Arts and Entertainment
Brendan O'Carroll as Agnes Brown in the 2014 Mrs Brown's Boys Christmas special
tvCould Mrs Brown's Boys have taken lead for second year?
News
i100
Arts and Entertainment
The Plaza Theatre in Atlanta, Georgia was one of the 300 US cinemas screening
filmTim Walker settles down to watch the controversial gross-out satire
Sport
Alexis Sanchez missed a penalty before scoring the opening goal with a header at the back post
footballArsenal vs QPR match report
News
Members and supporters of the lesbian, gay, bisexual, transgender (LGBT) community walk with a rainbow flag during a rally in July
news
News
i100
Arts and Entertainment
Amy Adams and Christoph Waltz in Tim Burton's Big Eyes
film reviewThis is Tim Burton’s most intimate and subtle film for a decade
Arts and Entertainment
Jack O'Connell stars as Louis Zamperini in Angelina Jolie's Unbroken
film review... even if Jack O'Connell is excellent
Arts and Entertainment
Madonna is not in Twitter's good books after describing her album leak as 'artistic rape and terrorism'
music14 more 'Rebel Heart' tracks leaked including Pharrell Williams collaboration
News
i100
Sport
Rooney celebrates with striker-partner Radamel Falcao after the pair combine to put United ahead
footballManchester United vs Newcastle match report
Latest stories from i100
Have you tried new the Independent Digital Edition apps?
Independent Dating
and  

By clicking 'Search' you
are agreeing to our
Terms of Use.

iJobs Job Widget
iJobs General

Ashdown Group: Senior Marketing Executive- City of London, Old Street

£40000 - £43000 per annum + benefits: Ashdown Group: Senior Marketing Executiv...

Ashdown Group: Marketing Manager

£40000 - £43000 per annum + benefits: Ashdown Group: An international organisa...

Ashdown Group: Internal Recruiter -Rugby, Warwickshire

£25000 - £30000 per annum: Ashdown Group: Internal Recruiter -Rugby, Warwicksh...

Ashdown Group: Marketing Manager/Marketing Controller (Financial Services)

£70000 - £75000 per annum + benefits: Ashdown Group: Marketing Manager/Marketi...

Day In a Page

A Christmas without hope: Fears grow in Gaza that the conflict with Israel will soon reignite

Christmas without hope

Gaza fears grow that conflict with Israel will soon reignite
After 150 years, you can finally visit the grisliest museum in the country

The 'Black Museum'

After 150 years, you can finally visit Britain's grisliest museum
No ho-ho-hos with Nick Frost's badass Santa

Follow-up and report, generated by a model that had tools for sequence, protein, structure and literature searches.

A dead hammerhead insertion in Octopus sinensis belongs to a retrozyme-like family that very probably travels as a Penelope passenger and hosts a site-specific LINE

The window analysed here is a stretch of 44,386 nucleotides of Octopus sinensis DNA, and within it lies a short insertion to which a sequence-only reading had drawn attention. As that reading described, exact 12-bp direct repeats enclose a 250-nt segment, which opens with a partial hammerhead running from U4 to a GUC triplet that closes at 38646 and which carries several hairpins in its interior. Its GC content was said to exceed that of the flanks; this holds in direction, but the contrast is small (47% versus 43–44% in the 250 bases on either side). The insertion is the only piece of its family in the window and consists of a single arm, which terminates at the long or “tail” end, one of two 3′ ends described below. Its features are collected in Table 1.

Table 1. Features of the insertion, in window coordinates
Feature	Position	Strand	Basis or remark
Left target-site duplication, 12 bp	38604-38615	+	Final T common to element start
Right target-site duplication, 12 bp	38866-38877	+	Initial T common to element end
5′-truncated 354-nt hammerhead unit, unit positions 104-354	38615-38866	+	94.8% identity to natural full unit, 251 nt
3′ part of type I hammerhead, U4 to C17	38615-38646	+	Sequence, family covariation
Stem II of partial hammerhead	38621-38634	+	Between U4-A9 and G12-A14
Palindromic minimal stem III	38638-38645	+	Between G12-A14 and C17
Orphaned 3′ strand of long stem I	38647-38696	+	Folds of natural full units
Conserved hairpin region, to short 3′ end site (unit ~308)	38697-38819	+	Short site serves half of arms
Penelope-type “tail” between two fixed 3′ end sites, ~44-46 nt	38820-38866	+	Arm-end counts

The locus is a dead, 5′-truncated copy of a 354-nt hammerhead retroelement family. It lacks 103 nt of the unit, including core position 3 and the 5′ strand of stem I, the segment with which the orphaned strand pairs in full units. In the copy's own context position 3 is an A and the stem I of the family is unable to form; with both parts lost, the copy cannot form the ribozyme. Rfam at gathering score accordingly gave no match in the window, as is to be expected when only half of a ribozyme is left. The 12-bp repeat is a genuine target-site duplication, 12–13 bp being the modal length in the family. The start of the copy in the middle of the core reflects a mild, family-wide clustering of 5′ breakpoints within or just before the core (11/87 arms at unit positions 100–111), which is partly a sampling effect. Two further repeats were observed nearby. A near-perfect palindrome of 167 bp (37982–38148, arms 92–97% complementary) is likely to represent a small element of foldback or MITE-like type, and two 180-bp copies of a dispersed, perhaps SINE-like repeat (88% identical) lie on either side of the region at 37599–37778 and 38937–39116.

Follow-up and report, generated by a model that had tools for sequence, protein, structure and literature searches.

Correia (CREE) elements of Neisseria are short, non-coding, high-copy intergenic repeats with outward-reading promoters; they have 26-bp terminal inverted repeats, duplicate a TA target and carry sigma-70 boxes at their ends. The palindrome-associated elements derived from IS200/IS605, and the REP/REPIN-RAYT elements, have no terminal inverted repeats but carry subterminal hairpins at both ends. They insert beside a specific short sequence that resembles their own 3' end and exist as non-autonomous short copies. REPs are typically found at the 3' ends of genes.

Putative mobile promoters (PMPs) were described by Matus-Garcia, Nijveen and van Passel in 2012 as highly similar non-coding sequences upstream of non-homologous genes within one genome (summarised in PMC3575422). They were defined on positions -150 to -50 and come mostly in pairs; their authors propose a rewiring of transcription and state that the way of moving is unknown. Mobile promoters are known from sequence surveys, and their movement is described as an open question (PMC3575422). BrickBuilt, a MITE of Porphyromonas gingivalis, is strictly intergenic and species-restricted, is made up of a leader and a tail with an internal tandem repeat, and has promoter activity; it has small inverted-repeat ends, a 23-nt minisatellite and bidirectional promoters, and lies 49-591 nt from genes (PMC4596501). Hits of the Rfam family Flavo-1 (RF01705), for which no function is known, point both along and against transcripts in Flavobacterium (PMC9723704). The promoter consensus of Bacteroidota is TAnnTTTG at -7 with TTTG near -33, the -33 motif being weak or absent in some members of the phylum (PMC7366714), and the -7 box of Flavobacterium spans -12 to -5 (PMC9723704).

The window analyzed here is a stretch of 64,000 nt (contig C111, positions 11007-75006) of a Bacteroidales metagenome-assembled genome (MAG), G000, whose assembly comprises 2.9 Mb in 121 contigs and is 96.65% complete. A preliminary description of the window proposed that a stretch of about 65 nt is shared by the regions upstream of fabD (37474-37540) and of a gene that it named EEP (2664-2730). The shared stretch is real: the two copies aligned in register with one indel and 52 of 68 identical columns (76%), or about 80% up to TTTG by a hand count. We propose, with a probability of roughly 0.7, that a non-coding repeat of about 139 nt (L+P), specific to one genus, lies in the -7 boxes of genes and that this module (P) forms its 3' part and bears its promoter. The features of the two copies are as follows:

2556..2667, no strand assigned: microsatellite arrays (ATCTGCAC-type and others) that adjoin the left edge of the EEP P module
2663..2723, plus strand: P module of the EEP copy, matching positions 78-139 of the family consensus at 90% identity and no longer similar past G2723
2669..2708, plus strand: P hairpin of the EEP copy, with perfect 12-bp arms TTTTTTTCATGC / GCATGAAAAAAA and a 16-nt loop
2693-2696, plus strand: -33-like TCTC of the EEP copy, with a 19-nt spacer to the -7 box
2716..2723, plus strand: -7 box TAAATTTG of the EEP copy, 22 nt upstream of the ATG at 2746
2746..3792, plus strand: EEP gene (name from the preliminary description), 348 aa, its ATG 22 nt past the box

No ho-ho-hos with Nick Frost's badass Santa

Doctor Who Christmas Special TV review
Chilly Christmas: Swimmers take festive dip for charity

Chilly Christmas

Swimmers dive into freezing British waters for charity
Veterans' hostel 'overwhelmed by kindness' for festive dinner

Homeless Veterans appeal

In 2010, Sgt Gary Jamieson stepped on an IED in Afghanistan and lost his legs and an arm. He reveals what, and who, helped him to make a remarkable recovery
Isis in Iraq: Yazidi girls killing themselves to escape rape and imprisonment by militants

'Jilan killed herself in the bathroom. She cut her wrists and hanged herself'

Yazidi girls killing themselves to escape rape and imprisonment
Ed Balls interview: 'If I think about the deficit when I'm playing the piano, it all goes wrong'

Ed Balls interview

'If I think about the deficit when I'm playing the piano, it all goes wrong'
He's behind you, dude!

US stars in UK panto

From David Hasselhoff to Jerry Hall
Grace Dent's Christmas Quiz: What are you – a festive curmudgeon or top of the tree?

Grace Dent's Christmas Quiz

What are you – a festive curmudgeon or top of the tree?
Nasa planning to build cloud cities in airships above Venus

Nasa planning to build cloud cities in airships above Venus

Planet’s surface is inhospitable to humans but 30 miles above it is almost perfect
Surrounded by high-rise flats is a little house filled with Lebanon’s history - clocks, rifles, frogmen’s uniforms and colonial helmets

Clocks, rifles, swords, frogmen’s uniforms

Surrounded by high-rise flats is a little house filled with Lebanon’s history
Return to Gaza: Four months on, the wounds left by Israel's bombardment have not yet healed

Four months after the bombardment, Gaza’s wounds are yet to heal

Kim Sengupta is reunited with a man whose plight mirrors the suffering of the Palestinian people
Gastric surgery: Is it really the answer to the UK's obesity epidemic?

Is gastric surgery really the answer to the UK's obesity epidemic?

Critics argue that it’s crazy to operate on healthy people just to stop them eating
Homeless Veterans appeal: Christmas charity auction Part 2 - now LIVE

Homeless Veterans appeal: Christmas charity auction

Bid on original art, or trips of a lifetime to Africa or the 'Corrie' set, and help Homeless Veterans
Pantomime rings the changes to welcome autistic theatre-goers

Autism-friendly theatre

Pantomime leads the pack in quest to welcome all